What Would A Four Degree Global Temperature Increase Mean For Earth?

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If Earth heats by four degrees Celsius the planet we call home would become a very unwelcoming place.  Even as some world leaders tamp down expectations for the 7-18 December UN climate conference, experts say the threat of a 4°C warming over pre-industrial times is all too plausible.

 

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Climategate – The New Politics of Science

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Climategate put to song

A respected British scientist has admitted that emails taken from his inbox, calling into question many of the accepted truths of global warming, were genuine. Here is a very funny parody of “Draggin the Line” by Tommy James and the Shondells about Climategate.

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Voting Opens For Angry Mermaid Award For Most Detrimental Climate Lobbying

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That’s one pissed fish!

The damaging impacts of corporate lobbying on international efforts to fight climate change are exposed today with the announcement of the eight candidates for the Angry Mermaid Award 2009.

The Angry Mermaid Award is named after the iconic Copenhagen mermaid who is angry about the destruction being caused by climate change

Thousands of members of the public are expected to vote at www.angrymermaid.org between today and Sunday 13 December for the candidate which they believe has done the most to sabotage effective action to tackle climate change.

Lobby groups representing oil, coal, aviation, the chemicals industry and emissions trading are all on the shortlist for the Angry Mermaid Award 2009, alongside biotech company Monsanto, oil giant Shell and energy company Sasol. The winner of the angry mermaid award will be announced at the Copenhagen climate talks on Tuesday 15 December 2009.

The eight nominees for the Angry Mermaid Award are:

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NOAA: Summer Temperature Below Average for U.S.

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Global warming came to an abrupt end this summer

The average June-August 2009 summer temperature for the contiguous United States was below average – the 34th coolest on record, according to a preliminary analysis by NOAA’s National Climatic Data Center in Asheville, N.C. August was also below the long-term average. The analysis is based on records dating back to 1895.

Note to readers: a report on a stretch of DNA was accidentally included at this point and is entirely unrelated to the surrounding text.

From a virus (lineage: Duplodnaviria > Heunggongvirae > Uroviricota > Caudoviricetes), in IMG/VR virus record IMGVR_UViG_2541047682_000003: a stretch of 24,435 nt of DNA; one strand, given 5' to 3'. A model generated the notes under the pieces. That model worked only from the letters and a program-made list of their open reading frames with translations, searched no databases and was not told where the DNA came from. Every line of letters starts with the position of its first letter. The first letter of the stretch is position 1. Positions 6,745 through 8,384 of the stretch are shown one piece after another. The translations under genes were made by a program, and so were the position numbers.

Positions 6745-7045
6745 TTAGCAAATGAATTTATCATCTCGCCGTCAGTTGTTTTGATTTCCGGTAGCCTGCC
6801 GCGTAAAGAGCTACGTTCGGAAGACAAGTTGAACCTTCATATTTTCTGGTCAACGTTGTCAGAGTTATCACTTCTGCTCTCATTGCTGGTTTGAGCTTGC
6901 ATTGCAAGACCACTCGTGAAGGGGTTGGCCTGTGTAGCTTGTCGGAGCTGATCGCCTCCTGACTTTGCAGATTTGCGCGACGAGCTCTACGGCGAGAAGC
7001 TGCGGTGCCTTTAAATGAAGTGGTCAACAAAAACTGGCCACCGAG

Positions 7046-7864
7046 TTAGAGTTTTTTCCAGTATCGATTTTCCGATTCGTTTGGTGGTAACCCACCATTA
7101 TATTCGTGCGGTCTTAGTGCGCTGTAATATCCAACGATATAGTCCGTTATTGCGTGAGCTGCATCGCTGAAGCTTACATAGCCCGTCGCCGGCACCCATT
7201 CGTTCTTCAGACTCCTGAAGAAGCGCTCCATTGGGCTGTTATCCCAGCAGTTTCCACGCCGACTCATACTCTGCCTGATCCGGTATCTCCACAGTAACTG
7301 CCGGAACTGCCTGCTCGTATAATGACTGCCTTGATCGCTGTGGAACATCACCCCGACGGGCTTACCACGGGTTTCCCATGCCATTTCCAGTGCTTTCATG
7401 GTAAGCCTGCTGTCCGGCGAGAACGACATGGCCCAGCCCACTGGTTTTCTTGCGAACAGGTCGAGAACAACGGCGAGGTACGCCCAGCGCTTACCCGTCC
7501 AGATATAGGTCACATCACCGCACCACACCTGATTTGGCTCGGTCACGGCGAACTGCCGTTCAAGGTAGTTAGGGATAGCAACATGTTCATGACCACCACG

U.S. Temperature Highlights – Summer
High resolution (Credit: NOAA)
For the 2009 summer, the average temperature of 71.7 degrees F was 0.4 degree F below the 20th Century average. The 2008 average summer temperature was 72.7 degrees F.
A recurring upper level trough held the June-August temperatures down in the central states, where Michigan experienced its fifth, Wisconsin, Minnesota, and South Dakota their seventh, Nebraska its eighth, and Iowa its ninth coolest summer. By contrast, Florida had its fourth warmest summer, while Washington and Texas experienced their eighth and ninth warmest, respectively.
The Michigan, Wisconsin, Iowa and Minnesota region experienced its sixth coolest summer on record. Only the Northwest averaged above normal temperatures.
U.S. Temperature Highlights – August
High resolution (Credit: NOAA)
The average 2009 August temperature of 72.2 degrees F was 0.6 degree F below the 20th Century average. Last year’s August temperature was 73.2 degrees F.
Temperatures were below normal in the Midwest, Plains, and parts of the south. Above-normal temperatures dominated the eastern seaboard, areas in the southwest, and in the extreme northwest.
Several northeastern states were much above normal for August, including Delaware and New Jersey (eighth warmest), Maine (ninth), and Rhode Island and Connecticut (10th). In contrast, below-normal temperatures were recorded for Missouri and Kansas.
U.S. Precipitation Highlights – Summer
High resolution (Credit: NOAA)
The Northeast region had its eighth wettest June-August summer on record. By contrast, the South, Southeast and Southwest regions, were drier than average. Arizona had its third driest summer, while both South Carolina and Georgia had their sixth driest.
U.S. Precipitation Highlights – August
In August, precipitation across the contiguous United States averaged 2.34 inches, which is 0.26 inch below the 1901-2000 average.
Above-normal averages were generally recorded across the northern U.S., west of the Great Lakes. The South and Southeast regions experienced below-normal precipitation.
Precipitation across the Southwest region averaged 0.85 inches, which is 1.10 inches below normal and ranks as the 4th driest August on record. Arizona had its fourth driest, New Mexico its fifth, and it was the eighth driest August on record for Colorado, Utah and Texas.
High resolution (Credit: NOAA)
By the end of August, moderate-to-exceptional drought covered 14 percent of the contiguous United States, based on the U.S. Drought Monitor. Drought intensified in parts of the Pacific Northwest and new drought areas emerged in Arizona and the Carolinas. Montana, Wisconsin and Oklahoma saw minor improvements in their drought conditions.